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Posted 16 May 2012 - 01:23 PM

Ok

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#14 birdblues

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Posted 16 May 2012 - 01:49 PM

Figured it out! It is a Northern Saw-whet Owl. So cool! I also thought it was frogs and then I just did a search for Owls in New Hampshire. There were only ten so I just listened to each of their calls until I hit the right one. I hope at some point I can snap a pic of him.

I love living in New Hampshire. I have seen Bald Eagles, A broad Winged Hawk shows up every evening to hunt, and I swear I have a Common Sand Piper even though they are supposed to live elsewhere. lol



NH rocks!

#15 WatchNettle

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Posted 16 May 2012 - 02:55 PM

NH rocks!


I know! I'm so excited about the Owl! So excited!

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#16 PoorMatty

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Posted 16 May 2012 - 07:09 PM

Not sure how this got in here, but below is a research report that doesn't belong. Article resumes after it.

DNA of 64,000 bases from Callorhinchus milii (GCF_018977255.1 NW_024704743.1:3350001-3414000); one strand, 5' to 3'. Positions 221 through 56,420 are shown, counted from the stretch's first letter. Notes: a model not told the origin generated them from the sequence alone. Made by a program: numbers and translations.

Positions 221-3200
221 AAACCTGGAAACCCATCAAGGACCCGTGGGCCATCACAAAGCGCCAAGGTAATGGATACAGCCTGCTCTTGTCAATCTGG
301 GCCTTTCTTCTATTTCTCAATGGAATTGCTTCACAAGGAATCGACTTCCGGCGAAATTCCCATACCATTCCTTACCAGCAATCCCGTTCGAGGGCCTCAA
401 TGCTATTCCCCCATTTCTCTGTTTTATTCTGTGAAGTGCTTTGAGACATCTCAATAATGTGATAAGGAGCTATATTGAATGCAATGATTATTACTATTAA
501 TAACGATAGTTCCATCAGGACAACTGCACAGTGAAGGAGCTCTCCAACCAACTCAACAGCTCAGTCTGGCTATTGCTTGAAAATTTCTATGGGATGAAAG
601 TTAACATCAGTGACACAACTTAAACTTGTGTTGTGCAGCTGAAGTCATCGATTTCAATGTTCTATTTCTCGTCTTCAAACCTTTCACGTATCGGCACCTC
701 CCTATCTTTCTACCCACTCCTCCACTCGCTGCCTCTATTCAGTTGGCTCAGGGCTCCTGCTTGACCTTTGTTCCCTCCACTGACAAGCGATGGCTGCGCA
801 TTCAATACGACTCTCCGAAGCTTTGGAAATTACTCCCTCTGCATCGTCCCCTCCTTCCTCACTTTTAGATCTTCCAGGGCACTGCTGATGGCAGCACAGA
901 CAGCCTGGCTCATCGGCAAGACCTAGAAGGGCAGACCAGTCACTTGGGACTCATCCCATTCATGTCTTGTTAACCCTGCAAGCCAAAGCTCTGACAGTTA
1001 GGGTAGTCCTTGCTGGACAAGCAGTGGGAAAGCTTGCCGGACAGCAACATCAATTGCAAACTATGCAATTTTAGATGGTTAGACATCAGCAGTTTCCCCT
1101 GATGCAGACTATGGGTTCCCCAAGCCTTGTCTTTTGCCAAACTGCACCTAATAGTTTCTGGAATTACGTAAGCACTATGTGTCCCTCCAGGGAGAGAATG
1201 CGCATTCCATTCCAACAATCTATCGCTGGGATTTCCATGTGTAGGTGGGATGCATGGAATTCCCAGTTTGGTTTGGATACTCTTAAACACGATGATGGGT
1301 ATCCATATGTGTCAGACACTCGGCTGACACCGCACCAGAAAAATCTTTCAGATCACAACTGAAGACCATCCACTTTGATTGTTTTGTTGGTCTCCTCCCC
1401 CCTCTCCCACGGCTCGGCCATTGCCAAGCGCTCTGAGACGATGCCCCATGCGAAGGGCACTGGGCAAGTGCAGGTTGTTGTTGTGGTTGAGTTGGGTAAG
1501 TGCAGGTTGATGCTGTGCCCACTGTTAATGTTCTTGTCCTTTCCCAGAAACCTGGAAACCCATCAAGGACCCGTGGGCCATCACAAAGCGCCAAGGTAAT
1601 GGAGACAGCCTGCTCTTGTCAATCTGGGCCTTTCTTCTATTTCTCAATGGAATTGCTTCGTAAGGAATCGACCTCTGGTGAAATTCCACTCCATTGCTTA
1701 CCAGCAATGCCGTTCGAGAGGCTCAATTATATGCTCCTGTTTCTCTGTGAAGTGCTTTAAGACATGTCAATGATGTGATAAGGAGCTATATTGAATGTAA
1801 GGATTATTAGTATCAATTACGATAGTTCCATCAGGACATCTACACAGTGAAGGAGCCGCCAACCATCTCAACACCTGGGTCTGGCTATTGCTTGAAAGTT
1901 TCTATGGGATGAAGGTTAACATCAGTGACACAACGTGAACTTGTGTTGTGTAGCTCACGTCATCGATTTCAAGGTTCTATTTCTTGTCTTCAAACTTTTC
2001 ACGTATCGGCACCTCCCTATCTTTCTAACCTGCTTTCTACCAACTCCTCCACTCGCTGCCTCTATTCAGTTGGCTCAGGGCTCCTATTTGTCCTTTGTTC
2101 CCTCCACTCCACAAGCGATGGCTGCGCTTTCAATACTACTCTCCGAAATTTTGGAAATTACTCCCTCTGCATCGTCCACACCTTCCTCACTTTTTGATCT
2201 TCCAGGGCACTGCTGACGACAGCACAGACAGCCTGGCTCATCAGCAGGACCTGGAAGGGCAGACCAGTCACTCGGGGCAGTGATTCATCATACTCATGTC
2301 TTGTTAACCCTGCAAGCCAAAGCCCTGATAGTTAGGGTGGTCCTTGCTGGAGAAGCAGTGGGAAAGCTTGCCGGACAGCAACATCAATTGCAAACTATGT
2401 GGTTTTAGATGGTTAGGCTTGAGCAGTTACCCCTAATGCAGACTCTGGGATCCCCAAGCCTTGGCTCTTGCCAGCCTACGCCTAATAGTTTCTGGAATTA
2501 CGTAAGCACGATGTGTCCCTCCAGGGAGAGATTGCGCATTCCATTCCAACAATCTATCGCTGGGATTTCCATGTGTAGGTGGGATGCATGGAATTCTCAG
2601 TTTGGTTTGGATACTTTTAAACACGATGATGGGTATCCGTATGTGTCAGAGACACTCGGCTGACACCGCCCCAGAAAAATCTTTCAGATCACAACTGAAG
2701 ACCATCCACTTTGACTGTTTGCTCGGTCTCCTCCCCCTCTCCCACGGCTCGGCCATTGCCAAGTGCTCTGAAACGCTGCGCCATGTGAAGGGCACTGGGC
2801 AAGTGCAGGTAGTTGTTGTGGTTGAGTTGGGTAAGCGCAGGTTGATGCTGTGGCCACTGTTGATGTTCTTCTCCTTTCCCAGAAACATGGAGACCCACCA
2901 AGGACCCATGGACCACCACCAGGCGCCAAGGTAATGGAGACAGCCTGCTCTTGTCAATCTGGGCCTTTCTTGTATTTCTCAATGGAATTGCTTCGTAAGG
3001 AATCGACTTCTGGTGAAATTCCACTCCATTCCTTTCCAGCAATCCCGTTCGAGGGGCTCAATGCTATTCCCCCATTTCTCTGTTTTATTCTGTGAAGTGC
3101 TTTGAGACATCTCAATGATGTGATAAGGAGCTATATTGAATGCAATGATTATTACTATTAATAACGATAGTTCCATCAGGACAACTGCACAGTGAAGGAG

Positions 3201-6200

You can sometimes find Saw-whets roosting during the day, and if you do, they allow very close approach and are very hesitant to flush. Sometimes they are in tangles of honeysuckle, etc. about head height and other times they are up against the trunks of tall trees about halfway up. They are tough to spot just cause they're so small and still and well-camouflaged, but when you do find them, they're easy to get good looks at.

#17 WatchNettle

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Posted 16 May 2012 - 08:18 PM

You can sometimes find Saw-whets roosting during the day, and if you do, they allow very close approach and are very hesitant to flush. Sometimes they are in tangles of honeysuckle, etc. about head height and other times they are up against the trunks of tall trees about halfway up. They are tough to spot just cause they're so small and still and well-camouflaged, but when you do find them, they're easy to get good looks at.


Thanks for that info! I am definitely planning a recon mission. The woods where their calls are coming from are pretty coniferous and super thick. I think my chances of spotting one are pretty slim but I'm still gonna try!

"The Angles have the Phone Box."